D – Damn, SADmin hitting us with the boilerplate PR answer. I try to post everything that seems like a genuine expression that the submitter can’t let out in any other venue; it is a confessions page, after all. I try to never post any forced jokes or obvious troll behaviour. I spend a disproportionate amount of my life online; do you really think I haven’t seen that copypasta before? I grew up playing Counter Strike, so you think I can’t smell a troll from a mile away? Think again partner, because Sheriff BATmin and his posse of memelords ain’t having your low effort “confessions.”
B – I’d like to petition to rename myself as Sheriff BATmin. Thank you, Dadmin.
Is there any social responsibility tied into moderating a confessions page?
S – There is definitely a social responsibility in managing this page. BCIT Confessions is one of the largest social media platforms used by BCIT students and each one of our posts have an outreach of at least 2000-5000 views per day. We do our best to ensure that everyone can engage fairly with our page and ensure that relevant content that is filtered through our guidelines gets posted.
B – I think you’re really underestimating the social grab that BCIT Crushes has, SADmin.
D – I think the only responsibility we have is to not single out any individual or group (aside from Impark).
What are some of the most frequent topics covered by confessors?
S – We tend to see a lot of confessions about BCIT’s shortcomings (inept staff, subpar IT infrastructure, Impark, facility issues) as well as people drowning in projects and assignments.
B – Let’s not forget about the classic “Dear girl I saw that one time on the bus” confessionals.
D – The ones that stick out to me are the ones that are generally about isolation, loneliness and poor mental health.
What were some memorable confessions that you’ve received?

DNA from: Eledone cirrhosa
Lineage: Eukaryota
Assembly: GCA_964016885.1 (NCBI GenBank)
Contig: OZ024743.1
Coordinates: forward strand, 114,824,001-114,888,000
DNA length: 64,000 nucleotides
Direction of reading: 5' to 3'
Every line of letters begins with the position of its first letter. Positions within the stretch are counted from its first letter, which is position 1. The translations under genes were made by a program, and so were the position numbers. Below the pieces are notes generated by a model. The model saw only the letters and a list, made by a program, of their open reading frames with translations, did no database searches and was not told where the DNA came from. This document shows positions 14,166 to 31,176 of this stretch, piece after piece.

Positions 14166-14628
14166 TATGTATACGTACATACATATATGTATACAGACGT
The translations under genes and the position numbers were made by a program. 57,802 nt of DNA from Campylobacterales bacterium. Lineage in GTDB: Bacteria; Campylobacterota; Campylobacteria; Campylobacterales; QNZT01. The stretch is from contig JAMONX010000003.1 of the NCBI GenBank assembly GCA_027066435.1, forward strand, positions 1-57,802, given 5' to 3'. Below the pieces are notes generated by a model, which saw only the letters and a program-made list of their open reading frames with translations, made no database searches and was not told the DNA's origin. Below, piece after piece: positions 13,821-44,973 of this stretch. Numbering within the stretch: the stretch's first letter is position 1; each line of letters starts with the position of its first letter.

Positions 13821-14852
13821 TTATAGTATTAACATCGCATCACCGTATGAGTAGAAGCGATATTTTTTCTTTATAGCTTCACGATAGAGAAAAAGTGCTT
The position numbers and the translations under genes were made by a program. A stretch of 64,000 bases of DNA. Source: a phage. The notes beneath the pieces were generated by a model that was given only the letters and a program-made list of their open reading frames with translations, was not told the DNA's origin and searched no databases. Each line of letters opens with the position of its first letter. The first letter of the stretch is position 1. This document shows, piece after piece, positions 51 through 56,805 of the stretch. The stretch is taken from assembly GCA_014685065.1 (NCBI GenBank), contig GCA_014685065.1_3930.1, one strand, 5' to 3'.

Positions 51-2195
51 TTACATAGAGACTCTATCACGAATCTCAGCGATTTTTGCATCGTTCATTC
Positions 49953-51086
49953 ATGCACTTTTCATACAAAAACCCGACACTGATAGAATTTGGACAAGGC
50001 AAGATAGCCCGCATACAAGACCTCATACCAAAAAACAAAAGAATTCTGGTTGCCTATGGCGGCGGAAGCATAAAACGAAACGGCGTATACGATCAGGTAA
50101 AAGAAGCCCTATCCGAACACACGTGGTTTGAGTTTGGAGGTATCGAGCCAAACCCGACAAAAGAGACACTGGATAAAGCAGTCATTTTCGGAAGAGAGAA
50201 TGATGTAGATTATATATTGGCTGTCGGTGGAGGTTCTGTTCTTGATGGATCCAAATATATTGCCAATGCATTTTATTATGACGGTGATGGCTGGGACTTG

S – Some of my favorite confessions date back to the great meme war between SFU and UBC. #1189 was the one that started it all.
B – I’m with SADmin on this one. I had a good laugh when we got called out by The Ubyssey. Honestly, I was just happy to be included.
D – The most memorable thing I’ve seen wasn’t even a confession. We had a submission that mentioned a notorious figure on campus, where somebody mentioned their first name in the comments section. Over the course of the next few months, this individual used multiple fake Facebook accounts, to try getting our real names. Which doesn’t sound like that funny of a story, but they had absolutely no tact at all and it was hilarious. This person messaged the page and, after many attempts to get me to tell him who my “boss” was, he asked me to prove that I was actually an admin. I guess getting responses directly from the page wasn’t enough evidence for him. Ultimately, I ended up using a fake account a friend had made years ago. That submitter now thinks they know who runs the page, but that person doesn’t actually exist.
B – New stretch goal: 50,000 page likes, and we’ll post the chat logs from that conversation!
What faculties tend to use BCIT confessions the most?
S – The audience tends to change throughout the year. It’s been pretty balanced with all the different faculties. We try to push out content relevant to each faculty where we can, either through material from our confession inbox, or spicy memes.
B – Whenever one faculty would complain about their program being exceedingly difficult, the other faculties would rise to the occasion and start smack-talking that faculty into the ground. RIP CST.
D – Let’s be honest here, Marketing students barely do any work anyway, it makes sense they’re always on the page 🙂